Why It Works:

  • Reduces cognitive load on users.

  • Enhances clarity and ease of navigation.

  • Improves performance by reducing unnecessary elements.

  • Focuses user attention on key features and content

  • Creates a sleek, modern aesthetic

Dark Mode

Dark mode is quite popular thanks to its stylish look and practical advantages. Switching the screen's colors to darker shades can lessen eye fatigue, especially in dimly lit situations. It also helps prolong battery life on devices with OLED displays, as black pixels use less power. But without proper execution, dark modes can be counterproductive making it difficult for users to read text if the contrast levels are not designed properly. To implement this feature successfully, one should pay close attention to color selection and the legibility of text.

Example: Instagram

Instagram's dark mode is a prime example of a well-implemented dark theme. It enhances the visual experience of browsing photos and videos, especially at night, by reducing the glare from the screen. The app uses high contrast ratios to ensure text remains readable and clear, avoiding common pitfalls such as insufficient contrast or clashing colors. Instagram's successful implementation of dark mode highlights the importance of careful design choices. By ensuring that text remains readable and colors are well-balanced, the app delivers both aesthetic and functional benefits to its users.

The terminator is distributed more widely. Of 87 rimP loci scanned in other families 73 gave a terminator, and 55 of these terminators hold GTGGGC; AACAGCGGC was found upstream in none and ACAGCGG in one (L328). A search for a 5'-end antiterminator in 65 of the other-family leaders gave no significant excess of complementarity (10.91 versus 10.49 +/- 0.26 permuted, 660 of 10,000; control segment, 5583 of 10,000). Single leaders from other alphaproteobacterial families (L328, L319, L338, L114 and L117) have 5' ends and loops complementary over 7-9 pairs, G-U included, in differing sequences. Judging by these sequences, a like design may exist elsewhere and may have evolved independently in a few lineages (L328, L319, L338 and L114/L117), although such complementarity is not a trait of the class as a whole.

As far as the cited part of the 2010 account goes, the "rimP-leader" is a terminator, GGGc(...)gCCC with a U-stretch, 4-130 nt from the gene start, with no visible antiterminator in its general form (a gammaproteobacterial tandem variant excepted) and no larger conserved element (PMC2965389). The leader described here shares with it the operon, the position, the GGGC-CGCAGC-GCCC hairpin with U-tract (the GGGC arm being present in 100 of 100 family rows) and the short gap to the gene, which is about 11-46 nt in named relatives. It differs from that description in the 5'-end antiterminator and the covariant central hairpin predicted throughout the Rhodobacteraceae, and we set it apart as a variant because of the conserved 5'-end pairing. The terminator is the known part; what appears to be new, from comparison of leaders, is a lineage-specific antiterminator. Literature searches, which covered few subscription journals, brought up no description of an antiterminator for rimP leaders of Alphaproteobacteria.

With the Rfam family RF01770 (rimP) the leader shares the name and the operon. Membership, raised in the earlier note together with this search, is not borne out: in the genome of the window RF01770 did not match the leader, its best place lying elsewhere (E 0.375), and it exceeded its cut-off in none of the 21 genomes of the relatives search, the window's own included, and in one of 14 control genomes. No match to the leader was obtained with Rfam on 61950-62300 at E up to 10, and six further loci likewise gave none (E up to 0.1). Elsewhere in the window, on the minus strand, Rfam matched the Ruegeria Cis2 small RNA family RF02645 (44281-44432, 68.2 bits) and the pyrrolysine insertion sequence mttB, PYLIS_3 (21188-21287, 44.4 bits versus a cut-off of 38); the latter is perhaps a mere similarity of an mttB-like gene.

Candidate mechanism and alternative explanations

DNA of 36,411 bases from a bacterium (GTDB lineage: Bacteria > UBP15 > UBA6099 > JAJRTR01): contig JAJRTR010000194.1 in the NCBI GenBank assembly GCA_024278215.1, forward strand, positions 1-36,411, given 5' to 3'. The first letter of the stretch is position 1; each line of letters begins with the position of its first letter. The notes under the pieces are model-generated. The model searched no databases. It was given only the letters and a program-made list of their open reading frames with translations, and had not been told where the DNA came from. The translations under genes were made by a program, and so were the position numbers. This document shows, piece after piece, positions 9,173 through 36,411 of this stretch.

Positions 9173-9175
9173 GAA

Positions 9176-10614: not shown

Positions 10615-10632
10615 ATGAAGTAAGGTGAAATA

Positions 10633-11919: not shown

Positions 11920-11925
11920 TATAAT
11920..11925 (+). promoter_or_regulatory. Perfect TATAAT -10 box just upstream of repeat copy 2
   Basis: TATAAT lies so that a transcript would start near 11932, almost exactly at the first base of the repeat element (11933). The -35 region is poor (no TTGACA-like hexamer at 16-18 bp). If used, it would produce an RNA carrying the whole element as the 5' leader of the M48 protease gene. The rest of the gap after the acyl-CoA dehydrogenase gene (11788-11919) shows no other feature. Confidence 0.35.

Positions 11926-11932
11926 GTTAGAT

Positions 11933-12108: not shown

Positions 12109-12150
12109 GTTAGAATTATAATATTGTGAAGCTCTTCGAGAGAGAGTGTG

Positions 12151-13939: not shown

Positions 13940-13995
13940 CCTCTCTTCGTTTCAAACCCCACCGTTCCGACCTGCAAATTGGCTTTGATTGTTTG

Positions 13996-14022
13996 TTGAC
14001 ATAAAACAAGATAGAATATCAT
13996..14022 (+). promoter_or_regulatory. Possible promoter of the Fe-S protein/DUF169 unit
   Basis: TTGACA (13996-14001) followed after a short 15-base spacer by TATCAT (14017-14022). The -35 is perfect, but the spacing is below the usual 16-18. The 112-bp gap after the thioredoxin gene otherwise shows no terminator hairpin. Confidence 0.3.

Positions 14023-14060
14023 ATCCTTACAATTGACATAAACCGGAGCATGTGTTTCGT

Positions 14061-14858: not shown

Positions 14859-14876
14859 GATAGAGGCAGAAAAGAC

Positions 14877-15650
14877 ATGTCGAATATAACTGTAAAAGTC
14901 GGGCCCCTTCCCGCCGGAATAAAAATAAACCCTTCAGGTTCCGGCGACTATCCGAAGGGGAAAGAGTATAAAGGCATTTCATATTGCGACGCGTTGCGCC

Why It Works:

  • Enhances visual ergonomics by reducing eye strain.

  • Extends battery life on devices with OLED screens.

  • Offers a modern and stylish appearance.

Instagram's successful implementation of dark mode highlights the importance of careful design choices. By ensuring that text remains readable and colors are well-balanced, the app delivers both aesthetic and functional benefits to its users.


Microinteractions are refined animations or responses that react to user gestures in an app. These slight, typically unseen elements can greatly improve the user interface by crafting a more engaging and swift response. Microinteractions guide users through actions, provide visual confirmation of completed tasks, and add a layer of personality to the app. Yet, it's important to apply animations moderately, excessive use can divert attention and could potentially reduce app functionality by causing interface lags.